FIG. 4 illustrates in side elevation view the watch of FIG. 1 as it would appear on a persons arm shown in phantom after the downard-hanging forearm position has been raised, and twisted to a twisted wrist position corresponding to the positionof FIG. 1.
FIG. 5 illustrates diagrammatically a novel gravity switch arrangement and circuitry thereof for the present invention as would be embodied in the wristwatch of FIGS. 1, 2, and 4 of which the switches of FIGS. 2 and 3 are a part, in watch 36astate.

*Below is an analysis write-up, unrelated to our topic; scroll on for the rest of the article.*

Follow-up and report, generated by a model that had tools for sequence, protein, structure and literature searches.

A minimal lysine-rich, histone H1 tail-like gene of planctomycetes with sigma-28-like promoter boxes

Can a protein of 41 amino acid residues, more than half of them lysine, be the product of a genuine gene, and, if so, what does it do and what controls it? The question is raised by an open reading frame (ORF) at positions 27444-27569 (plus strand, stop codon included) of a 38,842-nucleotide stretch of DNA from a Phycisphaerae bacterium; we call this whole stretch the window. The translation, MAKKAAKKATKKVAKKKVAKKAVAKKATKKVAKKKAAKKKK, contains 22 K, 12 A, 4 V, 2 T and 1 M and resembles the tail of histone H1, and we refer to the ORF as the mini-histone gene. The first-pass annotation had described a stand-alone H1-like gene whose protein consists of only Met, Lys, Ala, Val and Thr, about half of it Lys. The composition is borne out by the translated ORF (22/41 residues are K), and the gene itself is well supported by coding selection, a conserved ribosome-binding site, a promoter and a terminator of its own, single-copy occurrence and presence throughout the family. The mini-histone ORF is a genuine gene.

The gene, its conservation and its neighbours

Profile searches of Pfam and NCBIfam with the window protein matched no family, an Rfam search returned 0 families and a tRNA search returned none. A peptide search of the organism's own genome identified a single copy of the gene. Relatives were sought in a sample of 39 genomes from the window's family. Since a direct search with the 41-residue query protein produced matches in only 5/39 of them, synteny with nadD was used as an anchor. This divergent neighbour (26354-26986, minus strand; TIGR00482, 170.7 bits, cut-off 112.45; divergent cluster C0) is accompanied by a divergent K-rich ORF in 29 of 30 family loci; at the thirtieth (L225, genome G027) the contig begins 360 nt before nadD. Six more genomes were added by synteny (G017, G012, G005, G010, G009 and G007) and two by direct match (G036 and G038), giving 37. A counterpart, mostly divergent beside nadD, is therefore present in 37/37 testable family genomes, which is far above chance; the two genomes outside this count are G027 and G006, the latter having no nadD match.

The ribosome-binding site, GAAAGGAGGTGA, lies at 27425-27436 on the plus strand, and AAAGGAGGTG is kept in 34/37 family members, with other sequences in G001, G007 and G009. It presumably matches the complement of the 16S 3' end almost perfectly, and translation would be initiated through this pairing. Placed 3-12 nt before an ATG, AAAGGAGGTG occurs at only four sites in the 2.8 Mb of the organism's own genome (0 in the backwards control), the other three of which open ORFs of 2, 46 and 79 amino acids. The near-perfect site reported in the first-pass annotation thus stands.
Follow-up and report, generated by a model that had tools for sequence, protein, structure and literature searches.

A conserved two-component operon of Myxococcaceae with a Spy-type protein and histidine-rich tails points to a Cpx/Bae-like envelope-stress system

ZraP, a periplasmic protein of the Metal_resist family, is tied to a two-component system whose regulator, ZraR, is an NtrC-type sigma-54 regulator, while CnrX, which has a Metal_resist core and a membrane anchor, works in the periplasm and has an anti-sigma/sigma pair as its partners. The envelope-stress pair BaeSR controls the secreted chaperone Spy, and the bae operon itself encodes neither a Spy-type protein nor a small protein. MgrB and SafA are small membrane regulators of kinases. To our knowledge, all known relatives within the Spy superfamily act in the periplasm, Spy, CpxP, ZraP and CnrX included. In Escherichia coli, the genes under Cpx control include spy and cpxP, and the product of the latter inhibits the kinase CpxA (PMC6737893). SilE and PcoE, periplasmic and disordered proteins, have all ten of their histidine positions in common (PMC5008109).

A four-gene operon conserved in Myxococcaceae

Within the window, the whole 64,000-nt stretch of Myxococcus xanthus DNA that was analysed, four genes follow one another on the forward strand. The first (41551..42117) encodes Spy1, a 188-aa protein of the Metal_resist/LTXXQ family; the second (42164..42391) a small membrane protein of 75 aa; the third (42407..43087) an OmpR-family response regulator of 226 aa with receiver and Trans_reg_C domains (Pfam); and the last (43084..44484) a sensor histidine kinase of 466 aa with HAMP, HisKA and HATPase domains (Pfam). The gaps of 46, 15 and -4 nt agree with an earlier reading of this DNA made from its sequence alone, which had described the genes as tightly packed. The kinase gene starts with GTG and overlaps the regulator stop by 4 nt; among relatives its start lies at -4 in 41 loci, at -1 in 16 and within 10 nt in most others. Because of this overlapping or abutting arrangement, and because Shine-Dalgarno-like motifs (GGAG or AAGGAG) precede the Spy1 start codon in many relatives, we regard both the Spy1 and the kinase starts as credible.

FIG. 1 illustrates a novel gravity switches wristwatch having the required circuitry of the present invention, typically as viewed in elevation side view thereof. The FIG. 5 illustrates a complete diagrammatic circuitry of a solid state watchtypical of the present invention. The preceding FIGS. 1 through 5 illustrate preferred embodiments of the present invention. FIG. 3 gravity switch 4 is shown in a closed state position after a lateral twisting of the wrist in the direction of arrowdirection 46 as illustrated in each of FIGS. 1, 2, and 4; prior to the twisting of the wrist, but after the watch has been positioned when the forearm is raised to the horizontal position, the state of the closed horizontal switch 5 and of theopen-circuit switch 4 are as illustrated in FIG. 2. The FIG. 5 illustrated circuitry in the open-circuit positions for all switches is representative of the circuitry and switches when the forearm is downwardly hanging. It should be noted at this pointthat the switch 5 does not readily (if at all) become closed ever unless when the wrist or forearm are twisted the forearm has previously been raised to a substantially horizontal position of FIGS. 1 and 2 and 4 for the watch 36b position, as opposed tothe FIG. 4 watch 36a position; also, when the arm and/or forearm are in a substantially horizontally extending position, the switch 5 becomes closed solely in response to an inward twisting or revolving of the wrist, not to an outward twist of the arm,forearm and/or wrist, such that the possibility of accidental closing of the switch 5 concurrently or simultaneously with the closing of the switch 4 is substantially if not totally eliminated, this avoiding major expenditures of electrical energy thatwould be otherwise lost whenever the diodes of the watch dial became activated by continual accidental activations. It is noted that the springs 20 and 18 respectively are each optional but preferred, but if utilized, each spring must be sufficientlyweak (of predetermined strength and biasing action) as to not accidentally disengage electrical contact(s) of closed switches 4 and/or 5, such springs having the advantage of making accidental inertia possibly accidentally close the switch(es). Also,such springs more surely make certain the prompt and factual return of the switches 4 and 5 respectively to their open states when arm positions are such as to no longer properly bring about closing of the switch(es).